Role of dietary iron and fat on vitamin E deficiency anemia of infancy

N Engl J Med. 1975 Apr 24;292(17):887-90. doi: 10.1056/NEJM197504242921704.


Thirty-five infants weighing less than 1500 g at birth were fed four commercial formulas (A-D) varying in polyunsaturated fatty acid composition (32 per cent linoleic acid in A and B and 12 per cent linoleic acid in C and D) and in iron content (smaller than 1.0 in A and B; 12 to 12 mg per liter in B and D). Infants receiving formula B showed significantly lower hemoglobins (p smaller than 0.01) and higher reticulocyte counts (p smaller than 0.005) than infants fed the other three formulas. Infants receiving the two formulas with higher concentrations of unsaturated fatty acids (A and B) showed significantly greater hydrogen-peroxide-induced hemolysis (p smaller than 0.001) than those given diets containing lower amounts. Infants in groups A and B also had lower serum tocopherol concentrations. Infant red-cell membranes are altered by the increased amounts of polyunsaturated fatty acids and iron in the diet. It appears that the development of vitamin E deficiency anemia occurs in infants receiving iron supplementation.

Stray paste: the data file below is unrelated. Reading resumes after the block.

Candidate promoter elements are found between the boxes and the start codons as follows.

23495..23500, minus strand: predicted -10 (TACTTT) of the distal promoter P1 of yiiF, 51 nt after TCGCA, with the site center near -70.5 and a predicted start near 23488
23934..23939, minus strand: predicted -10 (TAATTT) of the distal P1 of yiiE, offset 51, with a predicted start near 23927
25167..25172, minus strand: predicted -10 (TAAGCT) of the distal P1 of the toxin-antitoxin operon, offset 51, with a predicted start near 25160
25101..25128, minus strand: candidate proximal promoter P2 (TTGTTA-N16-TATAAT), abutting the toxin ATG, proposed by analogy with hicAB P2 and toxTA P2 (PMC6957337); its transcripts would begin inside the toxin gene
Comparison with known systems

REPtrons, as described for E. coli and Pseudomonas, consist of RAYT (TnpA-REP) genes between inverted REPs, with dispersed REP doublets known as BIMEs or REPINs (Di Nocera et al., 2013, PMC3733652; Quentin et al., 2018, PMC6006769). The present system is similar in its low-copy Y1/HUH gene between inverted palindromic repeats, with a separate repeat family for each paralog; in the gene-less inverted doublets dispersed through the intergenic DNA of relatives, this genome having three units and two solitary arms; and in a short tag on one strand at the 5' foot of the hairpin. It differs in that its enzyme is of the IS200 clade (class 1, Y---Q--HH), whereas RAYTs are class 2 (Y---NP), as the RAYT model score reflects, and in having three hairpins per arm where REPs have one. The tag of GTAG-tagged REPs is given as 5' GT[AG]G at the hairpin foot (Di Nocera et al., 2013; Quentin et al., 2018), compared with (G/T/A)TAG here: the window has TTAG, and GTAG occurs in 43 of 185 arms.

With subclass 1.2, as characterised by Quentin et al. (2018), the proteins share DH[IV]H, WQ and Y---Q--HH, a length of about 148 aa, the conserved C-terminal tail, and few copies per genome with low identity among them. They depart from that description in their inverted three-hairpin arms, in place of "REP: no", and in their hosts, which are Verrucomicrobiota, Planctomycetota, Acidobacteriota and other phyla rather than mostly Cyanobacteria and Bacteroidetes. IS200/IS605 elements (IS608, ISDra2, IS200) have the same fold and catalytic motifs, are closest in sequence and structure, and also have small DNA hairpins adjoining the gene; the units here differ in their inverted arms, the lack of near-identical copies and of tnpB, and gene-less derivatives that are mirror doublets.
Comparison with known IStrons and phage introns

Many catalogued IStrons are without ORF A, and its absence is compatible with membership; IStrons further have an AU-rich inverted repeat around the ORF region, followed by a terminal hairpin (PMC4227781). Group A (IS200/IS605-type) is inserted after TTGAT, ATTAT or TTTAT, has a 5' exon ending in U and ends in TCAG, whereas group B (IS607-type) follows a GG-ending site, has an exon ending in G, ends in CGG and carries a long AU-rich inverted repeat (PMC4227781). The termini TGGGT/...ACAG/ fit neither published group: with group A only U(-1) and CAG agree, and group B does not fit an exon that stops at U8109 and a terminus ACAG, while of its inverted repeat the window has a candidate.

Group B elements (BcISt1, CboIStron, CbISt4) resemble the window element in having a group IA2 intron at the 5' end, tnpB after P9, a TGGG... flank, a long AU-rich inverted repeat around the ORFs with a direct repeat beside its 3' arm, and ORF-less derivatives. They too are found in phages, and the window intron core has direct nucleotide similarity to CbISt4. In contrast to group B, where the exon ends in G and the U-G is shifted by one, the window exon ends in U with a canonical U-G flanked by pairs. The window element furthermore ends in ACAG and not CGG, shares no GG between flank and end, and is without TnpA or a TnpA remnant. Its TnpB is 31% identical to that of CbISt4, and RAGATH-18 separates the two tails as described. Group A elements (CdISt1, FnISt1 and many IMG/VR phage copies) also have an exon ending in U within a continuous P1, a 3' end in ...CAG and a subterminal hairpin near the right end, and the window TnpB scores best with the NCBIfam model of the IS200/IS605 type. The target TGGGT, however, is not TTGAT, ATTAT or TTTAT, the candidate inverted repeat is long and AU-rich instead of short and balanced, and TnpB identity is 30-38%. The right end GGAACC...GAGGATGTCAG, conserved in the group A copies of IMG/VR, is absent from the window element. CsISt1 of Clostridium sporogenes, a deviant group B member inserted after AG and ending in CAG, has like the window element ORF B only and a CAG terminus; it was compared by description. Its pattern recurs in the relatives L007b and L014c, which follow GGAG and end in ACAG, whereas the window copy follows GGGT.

Publication types

  • Clinical Trial
  • Randomized Controlled Trial
  • Research Support, U.S. Gov't, Non-P.H.S.

MeSH terms

  • Anemia, Hemolytic / blood
  • Anemia, Hemolytic / etiology*
  • Diet
  • Dietary Fats / administration & dosage*
  • Erythrocyte Count
  • Fatty Acids, Unsaturated
  • Food, Fortified
  • Hemoglobinometry
  • Hemolysis
  • Humans
  • Hydrogen Peroxide / pharmacology
  • Infant
  • Infant Food*
  • Infant Nutritional Physiological Phenomena
  • Infant, Newborn
  • Infant, Premature, Diseases / blood
  • Infant, Premature, Diseases / etiology*
  • Iron / adverse effects*
  • Linoleic Acids
  • Reticulocytes
  • Vitamin E / blood
  • Vitamin E Deficiency / blood
  • Vitamin E Deficiency / complications*


  • Dietary Fats
  • Fatty Acids, Unsaturated
  • Linoleic Acids
  • Vitamin E
  • Hydrogen Peroxide
  • Iron